America can ill-afford to have memories of the experiences of policymakers and their staff at primarily elite institutions drive the changes needed to make our higher education institutions more affordable, accountable, and accommodating to a diverse student population. The dynamics of a global economy, combined with technology’s tendency to reduce the distance limitations of knowledge workers, make it imperative that the basis for changes needed to increase college completion rates is grounded in reality.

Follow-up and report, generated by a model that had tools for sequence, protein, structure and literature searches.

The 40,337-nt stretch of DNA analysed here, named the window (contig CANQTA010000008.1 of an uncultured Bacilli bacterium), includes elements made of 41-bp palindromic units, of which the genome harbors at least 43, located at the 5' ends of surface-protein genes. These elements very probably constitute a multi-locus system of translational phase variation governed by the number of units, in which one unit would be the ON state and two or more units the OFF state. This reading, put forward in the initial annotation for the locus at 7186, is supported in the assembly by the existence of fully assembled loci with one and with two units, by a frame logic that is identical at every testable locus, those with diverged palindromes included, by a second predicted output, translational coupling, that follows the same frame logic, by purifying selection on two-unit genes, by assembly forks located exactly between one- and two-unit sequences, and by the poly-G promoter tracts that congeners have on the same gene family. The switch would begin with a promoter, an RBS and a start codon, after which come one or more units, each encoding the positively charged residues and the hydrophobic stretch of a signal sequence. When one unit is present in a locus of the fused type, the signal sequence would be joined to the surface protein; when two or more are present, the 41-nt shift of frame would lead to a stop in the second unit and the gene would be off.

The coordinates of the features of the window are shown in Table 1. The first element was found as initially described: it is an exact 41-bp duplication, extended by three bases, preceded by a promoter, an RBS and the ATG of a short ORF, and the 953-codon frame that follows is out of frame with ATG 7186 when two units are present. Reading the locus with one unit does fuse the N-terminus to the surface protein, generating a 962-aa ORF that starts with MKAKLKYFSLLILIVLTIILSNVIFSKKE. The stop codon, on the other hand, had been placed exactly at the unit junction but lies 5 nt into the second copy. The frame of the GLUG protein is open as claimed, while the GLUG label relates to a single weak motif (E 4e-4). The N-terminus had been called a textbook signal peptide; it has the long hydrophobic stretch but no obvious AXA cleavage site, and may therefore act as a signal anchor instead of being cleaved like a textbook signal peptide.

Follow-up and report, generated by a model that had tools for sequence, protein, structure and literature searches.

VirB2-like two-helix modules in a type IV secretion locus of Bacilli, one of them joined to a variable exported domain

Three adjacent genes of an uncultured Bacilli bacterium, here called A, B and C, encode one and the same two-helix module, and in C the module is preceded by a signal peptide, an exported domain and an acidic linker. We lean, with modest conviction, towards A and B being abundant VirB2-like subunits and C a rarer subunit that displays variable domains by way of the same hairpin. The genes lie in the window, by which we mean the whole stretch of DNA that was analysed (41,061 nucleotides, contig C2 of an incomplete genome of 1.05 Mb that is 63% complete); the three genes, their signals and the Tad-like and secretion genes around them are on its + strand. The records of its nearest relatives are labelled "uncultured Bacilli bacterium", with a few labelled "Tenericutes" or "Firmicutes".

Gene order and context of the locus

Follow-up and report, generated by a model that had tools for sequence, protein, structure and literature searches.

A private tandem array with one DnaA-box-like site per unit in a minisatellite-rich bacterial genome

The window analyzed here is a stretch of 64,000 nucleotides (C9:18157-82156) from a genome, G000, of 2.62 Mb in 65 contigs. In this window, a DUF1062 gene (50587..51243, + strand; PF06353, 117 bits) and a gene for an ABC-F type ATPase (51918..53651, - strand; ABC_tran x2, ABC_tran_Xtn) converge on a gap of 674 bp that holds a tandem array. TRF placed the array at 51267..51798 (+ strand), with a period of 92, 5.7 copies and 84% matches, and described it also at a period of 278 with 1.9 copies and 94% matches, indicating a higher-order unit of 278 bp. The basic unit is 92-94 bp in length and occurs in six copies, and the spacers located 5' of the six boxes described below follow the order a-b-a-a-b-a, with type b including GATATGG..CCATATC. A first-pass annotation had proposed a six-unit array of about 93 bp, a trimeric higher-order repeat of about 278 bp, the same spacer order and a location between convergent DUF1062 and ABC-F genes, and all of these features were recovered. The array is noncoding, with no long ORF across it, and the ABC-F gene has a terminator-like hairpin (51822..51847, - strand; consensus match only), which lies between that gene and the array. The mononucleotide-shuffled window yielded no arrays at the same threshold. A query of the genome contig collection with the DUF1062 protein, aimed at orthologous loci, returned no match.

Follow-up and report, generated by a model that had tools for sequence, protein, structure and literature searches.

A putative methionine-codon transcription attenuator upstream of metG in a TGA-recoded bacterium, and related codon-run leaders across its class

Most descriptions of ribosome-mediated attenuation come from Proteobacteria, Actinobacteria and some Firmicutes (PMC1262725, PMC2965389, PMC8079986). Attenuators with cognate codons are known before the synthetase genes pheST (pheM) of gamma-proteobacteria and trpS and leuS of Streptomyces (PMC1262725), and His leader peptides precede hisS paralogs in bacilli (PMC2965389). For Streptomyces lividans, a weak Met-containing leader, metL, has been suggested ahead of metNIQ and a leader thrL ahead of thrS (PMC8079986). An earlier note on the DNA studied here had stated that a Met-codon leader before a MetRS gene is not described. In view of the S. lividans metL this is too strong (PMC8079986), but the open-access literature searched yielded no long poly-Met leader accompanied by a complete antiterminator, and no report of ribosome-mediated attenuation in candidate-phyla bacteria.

Wally Boston Dr. Wallace E. Boston was appointed President and Chief Executive Officer of American Public University System (APUS) and its parent company, American Public Education, Inc. (APEI) in July 2004. He joined APUS as its Executive Vice President in 2002. In September 2019, Dr. Boston retired as CEO of APEI and retired as APUS President in August 2020. Dr. Boston guided APUS through its successful initial accreditation with the Higher Learning Commission of the North Central Association in 2006 and ten-year reaccreditation in 2011. In November 2007, he led APEI to an initial public offering on the NASDAQ Exchange. For four years from 2009 through 2012, APEI was ranked in Forbes' Top 10 list of America's Best Small Public Companies. During his tenure as president, APUS grew to over 85,000 students, 200 degree and certificate programs, and approximately 100,000 alumni. While serving as APEI CEO and APUS President, Dr. Boston was a board member of APEI, APUS, Hondros College of Nursing, and Fidelis, Inc. Dr. Boston was appointed to the National Advisory Committee on Institutional Quality and Integrity by the U.S. Secretary of Education in 2019. He also serves as a member of the Board of Advisors of the National Institute for Learning Outcomes Assessment (NILOA), as a Trustee of The American College of Financial Services, as a member of the board of Our Community Salutes - USA, and as a member and chair of the board of New Horizons Worldwide. He has authored and co-authored papers on the topic of online post-secondary student retention, and is a frequent speaker on the impact of technology on higher education. Dr. Boston is a past Treasurer of the Board of Trustees of the McDonogh School, a private K-12 school in Baltimore. In his career prior to APEI and APUS, Dr. Boston served as either CFO, COO, or CEO of Meridian Healthcare, Manor Healthcare, Neighborcare Pharmacies, and Sun Healthcare Group. Dr. Boston is a Certified Public Accountant, Certified Management Accountant, and Chartered Global Management Accountant. He earned an A.B. degree in History from Duke University, an MBA in Marketing and Accounting from Tulane University’s Freeman School of Business Administration, and a Doctorate in Higher Education Management from the University of Pennsylvania’s Graduate School of Education. In 2008, the Board of Trustees of APUS awarded him a Doctorate in Business Administration, honoris causa, and, in April 2017, also bestowed him with the title President Emeritus. In August 2020, the Board of Trustees of APUS appointed him Trustee Emeritus. In November 2020, the Board of Trustees announced that the APUS School of Business would be renamed the Dr. Wallace E Boston School of Business in recognition of Dr. Boston's service to the university. Dr. Boston lives with his family in Austin, Texas.